Diction and Tonality

Diction and Tonality

Diction and Tonality (and a little grammar) Misused wordsthe word doesnt actually mean what the writer thinks it does. Example: Cree Indians were a monotonous culture until French and British settlers arrived. Revision: Cree Indians were a homogenous culture. Words with unwanted connotations or meanings. Example: I sprayed the ants in their private places. Revision: I sprayed the ants in their hiding places. Using a pronoun when readers cant tell whom/what it refers to. Example: My cousin Jake hugged my brother Trey, even though he didnt like him very much.

Revision: My cousin Jake hugged my brother Trey, even though Jake doesnt like Trey very much. Jargon or technical terms that make readers work unnecessarily hard. Maybe you need to use some of these words because they are important terms in your field, but dont throw them in just to sound smart. Example: The dialectical interface between neo-Platonists and anti-disestablishment Catholics offers an algorithm for deontological thought. Revision: The dialogue between neo-Platonists and certain Catholic thinkers is a model for deontological thought. Loaded language. Sometimes we as writers know what we mean by a certain word, but we havent ever spelled that out for readers. We rely too heavily on that word, perhaps repeating it often, without clarifying what we are talking about. Example: Society teaches young girls that beauty is their most important quality. In order to prevent eating disorders and other health problems, we must change society. Revision: Contemporary American popular media, like magazines and movies, teach young girls that beauty is their most important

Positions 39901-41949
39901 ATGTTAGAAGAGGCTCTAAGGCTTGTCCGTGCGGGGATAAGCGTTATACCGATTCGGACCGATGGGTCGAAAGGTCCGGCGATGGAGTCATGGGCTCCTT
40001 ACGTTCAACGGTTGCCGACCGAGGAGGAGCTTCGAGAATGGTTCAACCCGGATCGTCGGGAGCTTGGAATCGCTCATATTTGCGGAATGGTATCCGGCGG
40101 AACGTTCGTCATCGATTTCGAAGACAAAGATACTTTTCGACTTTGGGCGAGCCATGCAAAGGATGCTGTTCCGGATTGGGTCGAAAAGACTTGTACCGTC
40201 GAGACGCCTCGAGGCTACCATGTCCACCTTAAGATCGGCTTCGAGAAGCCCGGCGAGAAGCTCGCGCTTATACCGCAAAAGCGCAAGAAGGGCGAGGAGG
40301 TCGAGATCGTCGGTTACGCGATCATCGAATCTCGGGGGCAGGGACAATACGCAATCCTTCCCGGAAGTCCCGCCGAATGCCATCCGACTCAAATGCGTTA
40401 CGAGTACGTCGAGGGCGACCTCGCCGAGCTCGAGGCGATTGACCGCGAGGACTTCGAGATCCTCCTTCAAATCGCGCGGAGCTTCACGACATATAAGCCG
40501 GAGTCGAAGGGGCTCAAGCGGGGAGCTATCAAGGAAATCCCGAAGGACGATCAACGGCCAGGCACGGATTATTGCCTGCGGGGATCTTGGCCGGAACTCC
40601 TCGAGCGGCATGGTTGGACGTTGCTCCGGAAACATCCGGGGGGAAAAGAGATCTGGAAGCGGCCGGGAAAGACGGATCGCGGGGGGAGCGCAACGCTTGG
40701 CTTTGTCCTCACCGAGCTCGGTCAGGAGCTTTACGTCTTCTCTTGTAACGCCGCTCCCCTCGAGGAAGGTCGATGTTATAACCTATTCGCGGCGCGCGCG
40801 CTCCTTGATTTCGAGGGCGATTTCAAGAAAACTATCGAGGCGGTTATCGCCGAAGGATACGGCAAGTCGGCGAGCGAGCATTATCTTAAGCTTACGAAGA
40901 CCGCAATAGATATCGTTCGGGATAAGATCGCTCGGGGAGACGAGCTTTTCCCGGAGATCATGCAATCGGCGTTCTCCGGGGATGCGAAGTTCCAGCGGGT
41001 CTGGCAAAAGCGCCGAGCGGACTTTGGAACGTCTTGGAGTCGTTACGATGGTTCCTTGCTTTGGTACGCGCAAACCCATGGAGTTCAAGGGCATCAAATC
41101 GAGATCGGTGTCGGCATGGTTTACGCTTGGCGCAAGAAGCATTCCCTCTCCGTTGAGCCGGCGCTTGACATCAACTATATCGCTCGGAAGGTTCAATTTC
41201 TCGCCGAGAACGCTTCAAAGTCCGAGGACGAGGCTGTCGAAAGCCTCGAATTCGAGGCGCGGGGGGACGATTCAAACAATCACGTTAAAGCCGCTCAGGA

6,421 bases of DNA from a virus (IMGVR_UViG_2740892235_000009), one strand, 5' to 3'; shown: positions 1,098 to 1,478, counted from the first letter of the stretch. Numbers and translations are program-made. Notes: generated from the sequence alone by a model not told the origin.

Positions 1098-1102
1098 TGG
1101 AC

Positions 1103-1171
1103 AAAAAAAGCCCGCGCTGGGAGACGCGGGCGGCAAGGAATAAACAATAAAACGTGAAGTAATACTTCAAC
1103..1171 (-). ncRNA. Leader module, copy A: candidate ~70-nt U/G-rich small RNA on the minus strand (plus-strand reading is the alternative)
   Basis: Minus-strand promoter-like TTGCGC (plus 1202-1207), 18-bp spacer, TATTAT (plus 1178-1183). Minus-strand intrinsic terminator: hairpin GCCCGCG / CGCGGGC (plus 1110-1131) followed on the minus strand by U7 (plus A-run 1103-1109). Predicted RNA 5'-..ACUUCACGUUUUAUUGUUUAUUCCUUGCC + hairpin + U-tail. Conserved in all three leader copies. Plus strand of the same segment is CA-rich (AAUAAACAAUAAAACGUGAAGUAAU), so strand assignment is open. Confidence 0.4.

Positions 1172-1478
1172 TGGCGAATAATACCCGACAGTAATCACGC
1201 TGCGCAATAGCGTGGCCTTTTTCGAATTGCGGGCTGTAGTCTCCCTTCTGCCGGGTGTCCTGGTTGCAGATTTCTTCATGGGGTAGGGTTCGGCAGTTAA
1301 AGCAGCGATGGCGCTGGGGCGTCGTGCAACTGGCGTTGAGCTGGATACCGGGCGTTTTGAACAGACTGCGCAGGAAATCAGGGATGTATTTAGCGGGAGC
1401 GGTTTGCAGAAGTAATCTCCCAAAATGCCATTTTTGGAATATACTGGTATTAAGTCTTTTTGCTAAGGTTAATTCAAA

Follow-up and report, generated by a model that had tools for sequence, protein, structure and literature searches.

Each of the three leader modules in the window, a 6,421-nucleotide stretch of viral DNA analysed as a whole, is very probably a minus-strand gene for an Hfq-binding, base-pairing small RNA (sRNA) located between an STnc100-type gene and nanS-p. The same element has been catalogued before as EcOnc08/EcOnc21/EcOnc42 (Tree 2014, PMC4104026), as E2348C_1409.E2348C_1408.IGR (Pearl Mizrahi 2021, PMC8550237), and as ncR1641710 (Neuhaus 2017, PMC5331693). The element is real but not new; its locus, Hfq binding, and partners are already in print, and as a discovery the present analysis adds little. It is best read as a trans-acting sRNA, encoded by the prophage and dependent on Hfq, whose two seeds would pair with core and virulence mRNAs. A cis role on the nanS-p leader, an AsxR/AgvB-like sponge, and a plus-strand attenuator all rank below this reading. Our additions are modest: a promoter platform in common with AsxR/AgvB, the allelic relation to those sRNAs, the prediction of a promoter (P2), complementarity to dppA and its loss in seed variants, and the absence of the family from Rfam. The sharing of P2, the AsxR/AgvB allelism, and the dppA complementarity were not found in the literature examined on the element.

quality. In order to prevent eating disorders and other health problems, we must change the images and role models girls are offered. Sentence fragment What is a complete sentence? A complete sentence is not merely a group of words with a capital letter at the beginning and a period or question mark at the end. A complete sentence has three components: 1. a subject (the actor in the sentence) 2. a predicate (the verb or action), and 3. a complete thought (it can stand alone and make senseits independent). Comma splice

Activity Time! 1. There is absolutely no chance that communism will exist twenty years from now. 2. When Adam said that he didnt like John, he thought it was an insult. 3. Because his car was in the shop. 4. She didnt like him, he didnt like her. Run-on What are all the ways you can fix: My favorite Mediterranean spread is hummus it is very garlicky.

Wordiness I came to the realization that I realized that She is of the opinion that She thinks that Concerning the matter of

About During the course of During In the event that If

In the process of During, while Regardless of the fact that Due to the fact that In all cases At that point in time Prior to Although